Photo courtesy Buena Vista Library
James Wright will be at the Buena Vista Branch Library in Burbank at 7 p.m. on Thursday to discuss his book “Enduring Vietnam: An American Generation and Its War.” Attendees have the opportunity to get their books signed with purchase.
The author will talk about his book, his experience in combat and how he is giving back to the veterans who risked their lives.
In “Enduring Vietnam,” Wright presents a complicated and ambivalent view of the nature of war and the young people who participated in it: Who they were, what they did in battle and what their sacrifices meant.
“It is reduced to something very human,” Wright said. The book consists of 160 interviews with veterans and their families..
When he retired, Wright got involved in a number ways to remind Americans of the face of the Vietnam War.
He has helped bring educational counseling programs for wounded veterans, paid countless visits to military hospitals and has written numerous op-ed pieces on the current American wars.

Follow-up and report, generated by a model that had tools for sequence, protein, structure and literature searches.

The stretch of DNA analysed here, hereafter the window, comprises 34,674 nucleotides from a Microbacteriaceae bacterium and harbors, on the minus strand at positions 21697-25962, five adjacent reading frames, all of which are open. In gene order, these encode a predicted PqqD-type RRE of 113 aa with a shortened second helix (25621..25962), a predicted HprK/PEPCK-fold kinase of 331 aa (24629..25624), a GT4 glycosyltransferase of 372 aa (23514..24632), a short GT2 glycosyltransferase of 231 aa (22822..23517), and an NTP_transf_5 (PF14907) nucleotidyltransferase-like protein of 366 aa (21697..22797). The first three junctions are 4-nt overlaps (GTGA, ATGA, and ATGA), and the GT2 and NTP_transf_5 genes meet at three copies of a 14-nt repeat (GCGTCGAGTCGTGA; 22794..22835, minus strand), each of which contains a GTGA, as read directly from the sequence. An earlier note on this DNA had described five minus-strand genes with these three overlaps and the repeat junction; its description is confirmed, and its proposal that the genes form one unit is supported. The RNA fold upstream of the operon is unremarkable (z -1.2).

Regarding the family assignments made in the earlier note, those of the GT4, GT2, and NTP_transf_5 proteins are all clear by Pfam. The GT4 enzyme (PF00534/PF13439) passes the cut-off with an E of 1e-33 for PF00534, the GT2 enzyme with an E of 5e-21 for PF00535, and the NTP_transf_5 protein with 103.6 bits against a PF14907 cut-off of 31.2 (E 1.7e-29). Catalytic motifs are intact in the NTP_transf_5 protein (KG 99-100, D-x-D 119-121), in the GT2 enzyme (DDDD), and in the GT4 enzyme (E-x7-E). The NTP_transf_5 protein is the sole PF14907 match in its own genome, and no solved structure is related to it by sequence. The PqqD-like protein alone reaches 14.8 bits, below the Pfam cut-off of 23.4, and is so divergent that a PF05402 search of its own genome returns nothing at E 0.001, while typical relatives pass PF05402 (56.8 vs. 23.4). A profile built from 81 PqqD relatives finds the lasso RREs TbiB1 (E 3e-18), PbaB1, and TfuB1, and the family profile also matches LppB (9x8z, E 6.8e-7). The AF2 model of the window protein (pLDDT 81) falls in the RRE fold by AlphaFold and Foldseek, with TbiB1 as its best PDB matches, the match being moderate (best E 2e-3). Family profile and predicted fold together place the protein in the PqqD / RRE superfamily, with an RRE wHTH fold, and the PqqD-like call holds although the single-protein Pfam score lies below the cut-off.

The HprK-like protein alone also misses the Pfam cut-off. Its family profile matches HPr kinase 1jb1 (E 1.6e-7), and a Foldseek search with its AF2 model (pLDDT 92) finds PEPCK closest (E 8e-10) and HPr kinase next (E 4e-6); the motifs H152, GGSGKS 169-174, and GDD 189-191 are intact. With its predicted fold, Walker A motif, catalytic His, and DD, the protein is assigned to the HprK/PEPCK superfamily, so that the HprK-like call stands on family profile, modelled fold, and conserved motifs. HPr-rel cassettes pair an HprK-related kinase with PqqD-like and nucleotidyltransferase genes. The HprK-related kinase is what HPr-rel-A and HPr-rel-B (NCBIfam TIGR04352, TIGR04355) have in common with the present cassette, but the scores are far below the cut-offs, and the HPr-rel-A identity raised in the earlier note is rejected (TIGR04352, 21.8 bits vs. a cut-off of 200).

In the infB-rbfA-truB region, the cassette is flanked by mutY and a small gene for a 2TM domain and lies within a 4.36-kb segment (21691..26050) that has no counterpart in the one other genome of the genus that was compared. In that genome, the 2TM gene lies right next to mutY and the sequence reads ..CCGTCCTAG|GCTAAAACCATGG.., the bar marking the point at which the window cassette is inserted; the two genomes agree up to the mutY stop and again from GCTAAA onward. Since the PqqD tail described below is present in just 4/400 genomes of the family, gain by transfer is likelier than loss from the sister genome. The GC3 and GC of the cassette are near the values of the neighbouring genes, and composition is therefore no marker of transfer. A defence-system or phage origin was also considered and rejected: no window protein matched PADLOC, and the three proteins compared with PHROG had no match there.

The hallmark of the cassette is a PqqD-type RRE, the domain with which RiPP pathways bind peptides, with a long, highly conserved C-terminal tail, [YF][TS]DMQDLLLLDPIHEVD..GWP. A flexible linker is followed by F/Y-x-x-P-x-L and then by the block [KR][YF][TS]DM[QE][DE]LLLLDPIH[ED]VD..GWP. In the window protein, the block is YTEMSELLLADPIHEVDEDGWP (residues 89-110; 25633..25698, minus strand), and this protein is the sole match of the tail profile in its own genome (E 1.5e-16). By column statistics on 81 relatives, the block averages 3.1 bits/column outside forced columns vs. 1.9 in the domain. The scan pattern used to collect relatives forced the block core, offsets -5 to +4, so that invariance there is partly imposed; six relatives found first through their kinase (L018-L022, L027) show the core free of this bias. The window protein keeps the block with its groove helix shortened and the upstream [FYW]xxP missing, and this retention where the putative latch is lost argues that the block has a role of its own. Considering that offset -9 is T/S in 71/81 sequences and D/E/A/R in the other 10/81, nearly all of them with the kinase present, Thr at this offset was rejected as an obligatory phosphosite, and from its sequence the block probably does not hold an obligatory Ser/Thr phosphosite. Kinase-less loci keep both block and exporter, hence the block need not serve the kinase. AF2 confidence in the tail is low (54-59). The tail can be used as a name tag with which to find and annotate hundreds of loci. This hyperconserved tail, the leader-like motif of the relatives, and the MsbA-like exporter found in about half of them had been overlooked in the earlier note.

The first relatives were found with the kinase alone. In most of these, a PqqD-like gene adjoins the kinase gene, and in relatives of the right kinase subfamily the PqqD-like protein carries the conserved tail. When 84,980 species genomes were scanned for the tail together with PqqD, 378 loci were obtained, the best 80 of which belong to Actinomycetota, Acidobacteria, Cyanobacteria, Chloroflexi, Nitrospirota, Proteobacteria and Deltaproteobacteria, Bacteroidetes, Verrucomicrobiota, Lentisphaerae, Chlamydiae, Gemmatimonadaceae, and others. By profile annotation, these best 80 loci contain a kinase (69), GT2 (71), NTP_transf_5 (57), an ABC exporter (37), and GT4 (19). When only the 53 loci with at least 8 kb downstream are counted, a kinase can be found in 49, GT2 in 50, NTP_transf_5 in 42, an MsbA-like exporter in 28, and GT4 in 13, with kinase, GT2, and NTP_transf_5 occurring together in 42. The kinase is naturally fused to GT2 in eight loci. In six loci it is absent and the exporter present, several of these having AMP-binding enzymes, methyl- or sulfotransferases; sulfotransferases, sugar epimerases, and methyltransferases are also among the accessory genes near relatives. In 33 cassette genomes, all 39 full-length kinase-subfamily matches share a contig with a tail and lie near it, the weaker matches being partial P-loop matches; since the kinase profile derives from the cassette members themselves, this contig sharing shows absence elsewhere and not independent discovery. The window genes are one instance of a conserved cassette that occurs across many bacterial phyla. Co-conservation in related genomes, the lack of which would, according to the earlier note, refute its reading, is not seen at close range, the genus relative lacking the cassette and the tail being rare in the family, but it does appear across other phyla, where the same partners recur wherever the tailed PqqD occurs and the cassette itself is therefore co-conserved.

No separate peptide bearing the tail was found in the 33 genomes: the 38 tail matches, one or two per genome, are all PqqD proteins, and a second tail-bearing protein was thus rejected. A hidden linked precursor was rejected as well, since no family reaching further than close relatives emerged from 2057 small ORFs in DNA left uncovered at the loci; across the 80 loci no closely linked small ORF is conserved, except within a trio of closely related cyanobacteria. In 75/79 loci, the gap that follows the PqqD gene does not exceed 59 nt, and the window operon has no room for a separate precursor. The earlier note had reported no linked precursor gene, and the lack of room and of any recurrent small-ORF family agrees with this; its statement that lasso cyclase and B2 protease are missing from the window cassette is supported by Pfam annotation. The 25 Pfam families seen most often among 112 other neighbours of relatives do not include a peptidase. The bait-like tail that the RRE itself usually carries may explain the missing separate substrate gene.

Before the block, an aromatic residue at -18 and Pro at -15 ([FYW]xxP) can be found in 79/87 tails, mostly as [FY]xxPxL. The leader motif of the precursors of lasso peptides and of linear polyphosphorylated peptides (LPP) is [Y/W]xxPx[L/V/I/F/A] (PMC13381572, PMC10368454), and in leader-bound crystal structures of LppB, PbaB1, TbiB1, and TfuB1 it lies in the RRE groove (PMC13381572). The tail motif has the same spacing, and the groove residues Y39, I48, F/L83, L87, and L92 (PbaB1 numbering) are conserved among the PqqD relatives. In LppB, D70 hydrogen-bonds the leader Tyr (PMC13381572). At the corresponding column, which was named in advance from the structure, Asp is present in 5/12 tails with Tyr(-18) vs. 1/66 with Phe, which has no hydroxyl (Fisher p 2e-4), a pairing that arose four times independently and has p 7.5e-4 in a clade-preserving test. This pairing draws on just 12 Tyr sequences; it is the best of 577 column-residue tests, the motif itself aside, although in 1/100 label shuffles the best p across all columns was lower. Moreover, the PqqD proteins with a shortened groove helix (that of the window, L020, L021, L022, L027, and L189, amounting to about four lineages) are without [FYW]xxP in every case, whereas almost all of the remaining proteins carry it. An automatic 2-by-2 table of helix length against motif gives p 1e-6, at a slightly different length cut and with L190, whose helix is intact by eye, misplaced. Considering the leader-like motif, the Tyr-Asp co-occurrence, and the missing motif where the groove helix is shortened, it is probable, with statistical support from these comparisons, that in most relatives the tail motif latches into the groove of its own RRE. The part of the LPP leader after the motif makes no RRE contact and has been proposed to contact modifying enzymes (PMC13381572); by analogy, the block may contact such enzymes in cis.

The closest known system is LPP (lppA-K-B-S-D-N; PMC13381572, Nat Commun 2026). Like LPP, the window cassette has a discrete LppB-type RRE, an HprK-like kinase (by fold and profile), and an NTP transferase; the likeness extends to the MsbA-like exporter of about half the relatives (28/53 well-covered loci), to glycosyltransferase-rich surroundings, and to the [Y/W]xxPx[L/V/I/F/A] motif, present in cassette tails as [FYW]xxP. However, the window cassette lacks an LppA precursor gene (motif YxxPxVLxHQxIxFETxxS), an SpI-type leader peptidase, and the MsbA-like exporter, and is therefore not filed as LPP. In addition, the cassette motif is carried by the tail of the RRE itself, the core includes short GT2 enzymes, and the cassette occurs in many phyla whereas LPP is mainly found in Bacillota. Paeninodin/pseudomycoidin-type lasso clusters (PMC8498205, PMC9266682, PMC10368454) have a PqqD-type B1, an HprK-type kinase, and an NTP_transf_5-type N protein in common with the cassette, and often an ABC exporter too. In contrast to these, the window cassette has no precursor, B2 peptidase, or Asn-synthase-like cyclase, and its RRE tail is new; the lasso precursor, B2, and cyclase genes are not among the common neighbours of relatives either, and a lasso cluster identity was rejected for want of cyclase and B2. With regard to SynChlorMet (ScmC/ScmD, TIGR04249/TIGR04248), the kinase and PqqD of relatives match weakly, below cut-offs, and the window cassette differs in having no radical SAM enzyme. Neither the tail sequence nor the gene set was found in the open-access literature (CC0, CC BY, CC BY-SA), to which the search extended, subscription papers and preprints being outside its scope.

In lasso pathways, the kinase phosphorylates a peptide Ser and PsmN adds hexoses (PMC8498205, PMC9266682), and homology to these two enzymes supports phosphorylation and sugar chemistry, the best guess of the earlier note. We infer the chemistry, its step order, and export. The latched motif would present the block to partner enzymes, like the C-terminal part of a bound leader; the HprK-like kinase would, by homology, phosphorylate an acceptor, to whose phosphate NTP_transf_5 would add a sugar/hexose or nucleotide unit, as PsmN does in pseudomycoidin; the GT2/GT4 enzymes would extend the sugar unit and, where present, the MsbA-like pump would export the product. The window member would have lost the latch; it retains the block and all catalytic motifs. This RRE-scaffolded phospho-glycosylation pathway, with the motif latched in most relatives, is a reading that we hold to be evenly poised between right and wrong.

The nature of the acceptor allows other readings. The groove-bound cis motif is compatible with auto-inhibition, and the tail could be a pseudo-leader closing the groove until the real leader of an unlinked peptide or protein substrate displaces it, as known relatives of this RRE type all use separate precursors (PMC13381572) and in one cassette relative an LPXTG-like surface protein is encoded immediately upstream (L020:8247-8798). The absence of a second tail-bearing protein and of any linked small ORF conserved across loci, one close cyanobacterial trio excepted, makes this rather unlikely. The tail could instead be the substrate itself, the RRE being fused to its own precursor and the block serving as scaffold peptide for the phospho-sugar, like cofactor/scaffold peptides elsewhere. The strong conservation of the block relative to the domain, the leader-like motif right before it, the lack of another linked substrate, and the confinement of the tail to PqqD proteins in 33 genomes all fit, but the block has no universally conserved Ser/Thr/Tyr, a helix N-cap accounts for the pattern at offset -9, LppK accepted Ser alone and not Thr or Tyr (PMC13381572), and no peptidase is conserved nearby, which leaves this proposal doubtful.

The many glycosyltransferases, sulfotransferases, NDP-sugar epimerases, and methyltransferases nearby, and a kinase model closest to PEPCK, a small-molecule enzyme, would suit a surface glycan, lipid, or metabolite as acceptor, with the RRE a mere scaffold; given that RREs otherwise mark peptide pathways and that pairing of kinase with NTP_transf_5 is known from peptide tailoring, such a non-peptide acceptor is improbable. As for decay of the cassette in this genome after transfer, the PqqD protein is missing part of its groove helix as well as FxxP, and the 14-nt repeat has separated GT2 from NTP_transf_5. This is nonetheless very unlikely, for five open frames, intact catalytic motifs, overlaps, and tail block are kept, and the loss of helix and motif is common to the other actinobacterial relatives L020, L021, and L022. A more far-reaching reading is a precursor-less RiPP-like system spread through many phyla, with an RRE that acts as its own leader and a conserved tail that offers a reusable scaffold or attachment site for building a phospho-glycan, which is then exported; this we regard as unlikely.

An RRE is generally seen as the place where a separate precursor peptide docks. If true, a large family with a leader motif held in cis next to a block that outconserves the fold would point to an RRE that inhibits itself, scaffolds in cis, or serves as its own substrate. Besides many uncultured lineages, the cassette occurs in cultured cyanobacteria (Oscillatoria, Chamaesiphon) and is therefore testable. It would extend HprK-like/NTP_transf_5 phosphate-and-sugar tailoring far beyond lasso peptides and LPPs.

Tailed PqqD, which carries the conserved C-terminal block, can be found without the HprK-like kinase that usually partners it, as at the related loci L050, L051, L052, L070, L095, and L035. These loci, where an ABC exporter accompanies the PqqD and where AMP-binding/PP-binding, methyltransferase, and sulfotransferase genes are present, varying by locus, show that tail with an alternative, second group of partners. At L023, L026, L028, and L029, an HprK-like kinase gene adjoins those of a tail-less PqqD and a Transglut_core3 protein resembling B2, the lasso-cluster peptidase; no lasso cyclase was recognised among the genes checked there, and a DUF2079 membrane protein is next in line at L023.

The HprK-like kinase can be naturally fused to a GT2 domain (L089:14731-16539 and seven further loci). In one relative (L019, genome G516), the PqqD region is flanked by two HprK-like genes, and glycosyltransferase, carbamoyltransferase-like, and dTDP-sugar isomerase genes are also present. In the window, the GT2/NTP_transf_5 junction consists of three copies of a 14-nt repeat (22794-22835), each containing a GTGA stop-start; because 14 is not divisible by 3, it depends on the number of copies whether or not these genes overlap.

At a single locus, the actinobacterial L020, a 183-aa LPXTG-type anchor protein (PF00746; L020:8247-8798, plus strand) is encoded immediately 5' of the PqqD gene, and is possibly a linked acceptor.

Wright wants people to understand that this war affected countless lives and the damaging effects of this violent war.
In the beginning chapters of the book, he illustrates the transition in the spring of 1969 in the United States and Vietnam. The American people of post-World War II encouraged their children to perform their patriotic duty.
Wright explores how Americans grappled with the meaning of the war while trying to understand the reasons as to why young soldiers were fighting and being killed on Hamburger Hill.
“You can’t think about the morality of it. You just have to do it,” Wright said, noting that the war in Vietnam was a war largely without front lines, made of small-unit actions looking to surprise or ambush the enemy, and battles that were often postponed and then never won.
This form of combat was aimed at dissuading the enemy from continuing the war. In turn, “if you have absent tangible military goals, it is hard to produce tangible military results,” said Wright.
This caused countless lives to be lost and families to be torn apart from going into battle. Wright’s book recounts these stories and ensures the reader that this book is not about politics of memory, but more specifically, a work of history.
“This book is not a compendium of memories. It is a work of history. It is a work of history that seeks to understand why America in the 1960s sent its young to war, to remember who the Vietnam generation was,” Wright said. “How they had grown up, to reflect on why this generation served and sacrificed in a war that drifted in purpose and declined in public support.”